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VP

Have you come across the fab blog Mistakes Writers Make? Apparently this kind of thing is rife with writing competitions. Thanks to reading that informative blog, I always read the T&Cs carefully for this kind of competition. Sadly, I think we'll see this kind of thing more and more :(

Helen

I'll look it out, Michelle. It's certainly rife, but I think companies should be shamed into thinking again. Was it Woman magazine, or one of the others, that bowed to pressure when the only prize it offered for a short story competition was publication with no payment whatsoever? All we can do in the meantime is not take part.

angela davies

How can they claim copyright on the pictures that people use to enter the competition ?

Ive entered competitions at various real life exhibitions before now (not won any though), Im more interested nowadays in trying to sell prints and drawings at events. If anyone is interested I have a lovely supplier that do picture mounts and acetate bags to help protect my work www.cadremont.co.uk/shop/single-picture-mounts.html I think the bag option is there as well

Helen

Thank you for commenting, Angela. Competition rules do vary. It soon becomes clear whether the main reason for the comp is to gather photos for use or not. Thanks for the link. I take so many photos, I really should think about doing something with some of them.

Susan Garrett

If I am ever tempted to enter such competitions I will always read the small print in future thanks for this. I am keen photographer and take photographs for fun or to use on my blog. I often get requests from magazines, seed catalogues etc for permission to use photographs that I feature and I am always happy to allow this. After all photographs are meant to share and communicate rather than be stuck in a file somewhere out of sight for ever. Use is always accredited to me and the photographs on always remain mine.
T&Mrequest guest articles for their blog and so I wonder if they retain copyright for any images sent there for use with such articles.

Julieanne Porter

I'm totally with you Helen. I've started seeing this kind of thing more often reason. This is the reason I don't use Instagram as they claim the right to use your photos and receive payment for them without anything coming to you. The Garden Tags app (see point 9 https://gardentags.com/terms-conditions) does the same thing. Both of these do 'at least' make it non-exclusive, but they still get a free picture library and the right to do whatever they want with your photos, including sub-licensing, which is where they can make money.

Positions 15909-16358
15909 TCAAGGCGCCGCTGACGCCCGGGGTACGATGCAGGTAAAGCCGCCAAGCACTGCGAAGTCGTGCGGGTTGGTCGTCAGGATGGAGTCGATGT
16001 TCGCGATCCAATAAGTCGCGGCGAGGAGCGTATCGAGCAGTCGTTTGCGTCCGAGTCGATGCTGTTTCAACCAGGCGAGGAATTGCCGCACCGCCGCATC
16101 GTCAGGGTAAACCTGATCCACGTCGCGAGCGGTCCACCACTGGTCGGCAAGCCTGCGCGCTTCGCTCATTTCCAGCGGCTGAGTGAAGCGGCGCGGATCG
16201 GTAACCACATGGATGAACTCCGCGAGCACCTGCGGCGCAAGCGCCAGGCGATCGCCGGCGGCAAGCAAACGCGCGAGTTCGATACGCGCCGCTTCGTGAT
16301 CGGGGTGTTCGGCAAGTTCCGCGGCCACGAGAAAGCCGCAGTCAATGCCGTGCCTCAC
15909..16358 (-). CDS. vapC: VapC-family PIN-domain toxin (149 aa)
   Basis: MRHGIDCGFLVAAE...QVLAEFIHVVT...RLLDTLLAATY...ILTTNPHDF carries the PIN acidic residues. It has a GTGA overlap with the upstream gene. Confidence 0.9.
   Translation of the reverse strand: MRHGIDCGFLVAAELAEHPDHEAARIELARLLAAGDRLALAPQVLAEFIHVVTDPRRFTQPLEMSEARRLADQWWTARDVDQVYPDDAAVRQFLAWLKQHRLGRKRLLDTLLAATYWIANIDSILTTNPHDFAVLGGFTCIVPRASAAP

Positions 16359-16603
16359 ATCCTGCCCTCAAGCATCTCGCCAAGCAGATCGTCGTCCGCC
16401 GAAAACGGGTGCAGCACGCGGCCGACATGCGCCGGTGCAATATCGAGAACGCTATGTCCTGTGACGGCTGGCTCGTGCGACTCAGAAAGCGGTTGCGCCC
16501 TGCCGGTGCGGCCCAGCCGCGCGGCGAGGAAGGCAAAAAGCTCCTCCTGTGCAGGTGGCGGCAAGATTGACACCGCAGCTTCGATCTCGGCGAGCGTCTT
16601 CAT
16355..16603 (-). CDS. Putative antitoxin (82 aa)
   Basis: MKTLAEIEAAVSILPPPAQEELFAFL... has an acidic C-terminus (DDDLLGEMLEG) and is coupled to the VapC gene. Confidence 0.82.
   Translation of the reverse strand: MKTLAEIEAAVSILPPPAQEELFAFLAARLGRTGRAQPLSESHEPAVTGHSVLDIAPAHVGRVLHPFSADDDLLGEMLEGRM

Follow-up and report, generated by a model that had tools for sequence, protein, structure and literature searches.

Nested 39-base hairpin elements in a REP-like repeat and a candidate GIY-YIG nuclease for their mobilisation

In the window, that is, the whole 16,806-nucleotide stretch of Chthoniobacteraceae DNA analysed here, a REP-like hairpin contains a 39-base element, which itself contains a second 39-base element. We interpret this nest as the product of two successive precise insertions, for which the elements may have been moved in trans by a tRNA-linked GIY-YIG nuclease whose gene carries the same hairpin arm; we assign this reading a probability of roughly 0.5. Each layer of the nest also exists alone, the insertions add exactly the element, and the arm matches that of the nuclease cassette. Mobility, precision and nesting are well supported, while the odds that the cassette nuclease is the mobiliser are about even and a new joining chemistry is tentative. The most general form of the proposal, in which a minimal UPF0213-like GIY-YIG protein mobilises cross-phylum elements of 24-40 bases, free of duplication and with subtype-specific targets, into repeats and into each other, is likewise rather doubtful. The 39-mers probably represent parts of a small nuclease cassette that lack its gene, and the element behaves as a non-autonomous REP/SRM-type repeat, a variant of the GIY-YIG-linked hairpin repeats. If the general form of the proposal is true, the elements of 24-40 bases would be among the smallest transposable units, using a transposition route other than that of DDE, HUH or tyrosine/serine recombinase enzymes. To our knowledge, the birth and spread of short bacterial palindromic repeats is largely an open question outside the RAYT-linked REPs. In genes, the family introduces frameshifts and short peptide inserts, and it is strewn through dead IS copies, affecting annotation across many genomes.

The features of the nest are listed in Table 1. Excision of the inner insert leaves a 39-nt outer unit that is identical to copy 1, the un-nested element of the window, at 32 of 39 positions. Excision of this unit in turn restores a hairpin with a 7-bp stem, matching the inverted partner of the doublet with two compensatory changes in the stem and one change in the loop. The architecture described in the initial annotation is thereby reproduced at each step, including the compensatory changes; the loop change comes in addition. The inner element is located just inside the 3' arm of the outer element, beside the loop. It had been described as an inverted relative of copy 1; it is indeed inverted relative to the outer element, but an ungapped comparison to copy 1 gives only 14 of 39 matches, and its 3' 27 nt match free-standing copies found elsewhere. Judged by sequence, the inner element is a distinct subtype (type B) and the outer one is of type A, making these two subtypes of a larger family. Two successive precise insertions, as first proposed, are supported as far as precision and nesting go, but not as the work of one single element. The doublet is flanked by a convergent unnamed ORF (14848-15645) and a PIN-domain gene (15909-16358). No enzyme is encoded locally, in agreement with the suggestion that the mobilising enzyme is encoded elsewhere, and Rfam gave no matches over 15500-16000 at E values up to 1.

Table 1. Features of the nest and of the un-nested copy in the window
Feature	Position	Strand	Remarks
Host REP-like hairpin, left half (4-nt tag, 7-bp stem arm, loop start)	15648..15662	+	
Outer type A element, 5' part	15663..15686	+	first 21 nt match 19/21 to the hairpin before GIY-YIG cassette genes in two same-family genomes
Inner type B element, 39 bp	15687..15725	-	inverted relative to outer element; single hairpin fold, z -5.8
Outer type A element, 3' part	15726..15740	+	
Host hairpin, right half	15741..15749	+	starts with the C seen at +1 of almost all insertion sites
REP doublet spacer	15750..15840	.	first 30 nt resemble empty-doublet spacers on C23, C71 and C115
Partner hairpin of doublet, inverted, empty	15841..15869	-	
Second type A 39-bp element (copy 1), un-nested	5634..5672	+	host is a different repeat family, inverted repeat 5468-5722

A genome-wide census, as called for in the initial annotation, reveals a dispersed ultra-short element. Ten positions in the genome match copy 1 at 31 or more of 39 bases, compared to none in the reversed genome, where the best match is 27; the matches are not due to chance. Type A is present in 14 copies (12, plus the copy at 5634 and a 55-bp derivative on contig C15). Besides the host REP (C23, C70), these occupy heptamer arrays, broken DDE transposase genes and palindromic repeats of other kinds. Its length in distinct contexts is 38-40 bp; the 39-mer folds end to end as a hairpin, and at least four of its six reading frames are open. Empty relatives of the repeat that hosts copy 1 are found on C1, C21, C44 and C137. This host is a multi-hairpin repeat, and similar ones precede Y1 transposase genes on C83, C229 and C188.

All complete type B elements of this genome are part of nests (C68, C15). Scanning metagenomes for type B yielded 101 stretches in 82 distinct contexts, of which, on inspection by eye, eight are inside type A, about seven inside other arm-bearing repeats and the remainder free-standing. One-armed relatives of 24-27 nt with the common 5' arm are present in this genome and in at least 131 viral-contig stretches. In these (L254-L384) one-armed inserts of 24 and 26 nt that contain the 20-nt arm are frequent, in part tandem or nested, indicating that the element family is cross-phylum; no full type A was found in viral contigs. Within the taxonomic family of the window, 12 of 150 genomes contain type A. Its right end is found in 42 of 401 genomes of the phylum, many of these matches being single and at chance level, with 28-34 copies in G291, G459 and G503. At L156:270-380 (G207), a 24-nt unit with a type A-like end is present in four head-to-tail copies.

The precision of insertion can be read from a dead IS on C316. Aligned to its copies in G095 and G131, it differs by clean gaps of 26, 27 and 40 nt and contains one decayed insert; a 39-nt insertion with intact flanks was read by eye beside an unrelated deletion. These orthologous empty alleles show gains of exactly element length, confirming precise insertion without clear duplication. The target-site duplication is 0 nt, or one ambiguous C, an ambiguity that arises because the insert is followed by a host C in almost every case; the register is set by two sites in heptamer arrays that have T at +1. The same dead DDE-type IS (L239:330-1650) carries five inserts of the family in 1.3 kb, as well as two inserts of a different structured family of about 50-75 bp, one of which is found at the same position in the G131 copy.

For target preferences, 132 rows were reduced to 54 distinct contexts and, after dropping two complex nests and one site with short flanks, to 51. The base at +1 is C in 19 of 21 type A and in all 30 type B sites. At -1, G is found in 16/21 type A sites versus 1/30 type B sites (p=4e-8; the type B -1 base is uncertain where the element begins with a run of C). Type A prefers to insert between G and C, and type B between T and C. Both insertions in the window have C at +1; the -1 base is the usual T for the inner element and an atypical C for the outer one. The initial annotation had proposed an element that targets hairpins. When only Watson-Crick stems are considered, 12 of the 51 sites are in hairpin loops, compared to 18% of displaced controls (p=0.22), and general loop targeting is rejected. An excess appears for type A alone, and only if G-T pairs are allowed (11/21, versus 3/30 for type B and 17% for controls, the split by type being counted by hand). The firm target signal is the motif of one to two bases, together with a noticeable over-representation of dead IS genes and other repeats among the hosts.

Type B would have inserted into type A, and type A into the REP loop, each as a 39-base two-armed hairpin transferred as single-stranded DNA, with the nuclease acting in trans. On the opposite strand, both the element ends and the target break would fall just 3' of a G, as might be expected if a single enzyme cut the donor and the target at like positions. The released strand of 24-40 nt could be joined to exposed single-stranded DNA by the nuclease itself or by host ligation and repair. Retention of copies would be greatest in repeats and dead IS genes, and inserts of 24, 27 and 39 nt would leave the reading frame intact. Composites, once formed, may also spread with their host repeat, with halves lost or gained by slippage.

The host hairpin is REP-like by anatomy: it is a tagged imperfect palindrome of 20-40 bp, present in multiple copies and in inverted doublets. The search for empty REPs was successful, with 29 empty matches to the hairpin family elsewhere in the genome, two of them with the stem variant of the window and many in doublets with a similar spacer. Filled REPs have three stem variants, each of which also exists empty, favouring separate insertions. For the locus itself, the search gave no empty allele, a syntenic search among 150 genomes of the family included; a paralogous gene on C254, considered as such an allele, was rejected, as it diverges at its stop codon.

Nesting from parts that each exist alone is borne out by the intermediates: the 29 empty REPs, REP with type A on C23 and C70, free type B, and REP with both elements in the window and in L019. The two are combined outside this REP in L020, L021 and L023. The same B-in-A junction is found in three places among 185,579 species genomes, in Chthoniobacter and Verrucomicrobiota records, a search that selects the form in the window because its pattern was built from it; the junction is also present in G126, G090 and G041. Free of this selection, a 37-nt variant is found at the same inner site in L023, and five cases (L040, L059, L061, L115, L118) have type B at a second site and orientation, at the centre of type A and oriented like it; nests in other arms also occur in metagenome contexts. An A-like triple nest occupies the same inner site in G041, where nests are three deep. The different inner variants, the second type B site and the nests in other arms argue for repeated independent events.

People need to be aware of these issues. Maybe some people aren't bothered by this. However, I have been contacted and paid for the right to use a plant photo I took and posted on my blog (I retained copyright), and I'm not a professional photographer. So I'd urge people to think it through carefully before allowing a for-profit company to take the rights to your work (and it is work, even if you were taking the photo 'for fun'), to do whatever they want with the photo, and make money from it.

Thompson & Morgan should be ashamed of themselves and I think it's great you have raised this issue. I'll share your blogpost around.

Helen

Thank you, Julieanne. That's shocking about Instagram. I've been wondering whether to get on board, and now I think that's a no. I love this "sharing economy"; we do the sharing, and the companies get all the money.

I've had a look at Garden Tags, too, which I didn't know about. The link above for some reason doesn't work for me, but for anyone else with the same problem, it's https://gardentags.com and then click on Terms and Conditions.

I've been approached for photos too, so we should recognise the value of ourselves as a resource.

Thank you for helping to get the word out.

John Kingdon

I now add a copyright notice to most (not all as I'm happy for some to be reused) photos I publish to my web site/blog/Twitter. And not along one of the edges but across the middle. This is because I discovered someone selling my photos having cropped the copyright notice off the bottom edge. I wonder how T&M would react if I entered a few pics with a "Taken by...." notice with a web link in it across the middle. Then they'd be welcome to the copyright as if ever they used the image(s) they'd be publicising my web site.

And, of course, the lesson is centre your copyright notice!

Helen

Thank you, John, that's quite an idea. In fact, there's no reason why all "free" photographs shouldn't include a credit, given that the photographer should be recognised. It wouldn't hurt T&M to include the credit somewhere on the picture, as I'm pretty sure it won't be added anywhere else. I'm impressed you found a photo, even after the credit had been cut off.

Thanks for commenting. I've now discovered your excellent blog and will be visiting regularly in future.

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